Commonsense Consequentialism: Wherein Morality Meets Rationality

Research output: Book/ReportBook

139 Scopus citations


Commonsense Consequentialism is a book about morality, rationality, and the interconnections between the two. In it, Douglas W. Portmore defends a version of consequentialism that both comports with our commonsense moral intuitions and shares with other consequentialist theories the same compelling teleological conception of practical reasons. Broadly construed, consequentialism is the view that an act's deontic status is determined by how its outcome ranks relative to those of the available alternatives on some evaluative ranking. Portmore argues that outcomes should be ranked, not according to their impersonal value, but according to how much reason the agent has to desire that each outcome obtains and that, when outcomes are ranked in this way, we arrive at a version of consequentialism that can better account for our commonsense moral intuitions than even many forms of deontology can. What's more, Portmore argues that we should accept this version of consequentialism, because we should accept both that an agent can be morally required to do only what she has most reason to do and that what she has most reason to do is to perform the act that would produce the outcome that she has most reason to want to obtain. Although the primary aim of the book is to defend a particular consequentialist theory (viz., commonsense consequentialism), Portmore defends this theory as part of a coherent whole concerning our commonsense views about the nature and substance of both morality and rationality. Thus, it will be of interest not only to those working in normative ethics, but also to those working in metaethics.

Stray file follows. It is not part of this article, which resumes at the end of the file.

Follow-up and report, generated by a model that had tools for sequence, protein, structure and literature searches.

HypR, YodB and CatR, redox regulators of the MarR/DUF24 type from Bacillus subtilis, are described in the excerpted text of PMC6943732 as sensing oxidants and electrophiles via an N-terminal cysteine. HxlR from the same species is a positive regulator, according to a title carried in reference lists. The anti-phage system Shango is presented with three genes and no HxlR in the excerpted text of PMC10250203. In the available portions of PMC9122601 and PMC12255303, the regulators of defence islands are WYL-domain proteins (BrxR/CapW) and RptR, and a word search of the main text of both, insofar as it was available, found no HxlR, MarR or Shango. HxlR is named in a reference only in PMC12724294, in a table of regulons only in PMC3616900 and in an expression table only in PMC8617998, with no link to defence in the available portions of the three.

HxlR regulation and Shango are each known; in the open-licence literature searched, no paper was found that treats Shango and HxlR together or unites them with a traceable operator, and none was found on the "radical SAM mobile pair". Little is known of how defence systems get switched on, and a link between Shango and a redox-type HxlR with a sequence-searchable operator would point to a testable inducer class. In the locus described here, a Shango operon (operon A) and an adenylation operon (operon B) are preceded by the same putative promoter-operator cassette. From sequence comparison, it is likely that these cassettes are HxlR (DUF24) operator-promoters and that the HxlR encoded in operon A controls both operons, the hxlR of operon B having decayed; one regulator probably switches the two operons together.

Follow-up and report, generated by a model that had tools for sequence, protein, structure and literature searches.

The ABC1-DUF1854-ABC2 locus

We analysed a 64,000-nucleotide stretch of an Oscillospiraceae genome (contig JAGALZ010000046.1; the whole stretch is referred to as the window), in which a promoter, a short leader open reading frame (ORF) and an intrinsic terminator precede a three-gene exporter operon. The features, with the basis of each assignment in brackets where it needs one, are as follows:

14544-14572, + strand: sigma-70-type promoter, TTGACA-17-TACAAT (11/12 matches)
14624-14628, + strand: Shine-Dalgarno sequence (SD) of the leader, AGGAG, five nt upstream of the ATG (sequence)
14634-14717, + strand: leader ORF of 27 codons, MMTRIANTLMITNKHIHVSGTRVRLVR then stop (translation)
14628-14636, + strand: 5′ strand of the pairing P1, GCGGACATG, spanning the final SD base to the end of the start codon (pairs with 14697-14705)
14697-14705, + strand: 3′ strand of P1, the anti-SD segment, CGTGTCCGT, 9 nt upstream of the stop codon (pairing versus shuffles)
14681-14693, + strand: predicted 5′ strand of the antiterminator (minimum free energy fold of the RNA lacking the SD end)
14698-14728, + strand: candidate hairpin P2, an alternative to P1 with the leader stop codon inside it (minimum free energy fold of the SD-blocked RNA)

Original languageEnglish (US)
PublisherOxford University Press
Number of pages288
ISBN (Electronic)9780199919260
ISBN (Print)9780199794539
StatePublished - Jan 19 2012


  • Agent-Relative
  • Consequentialism
  • Moral Rationalism
  • Morality
  • Practical Reasons
  • Rationality
  • Securitism
  • Supererogation
  • Teleology
  • Utilitarianism

ASJC Scopus subject areas

  • General Arts and Humanities


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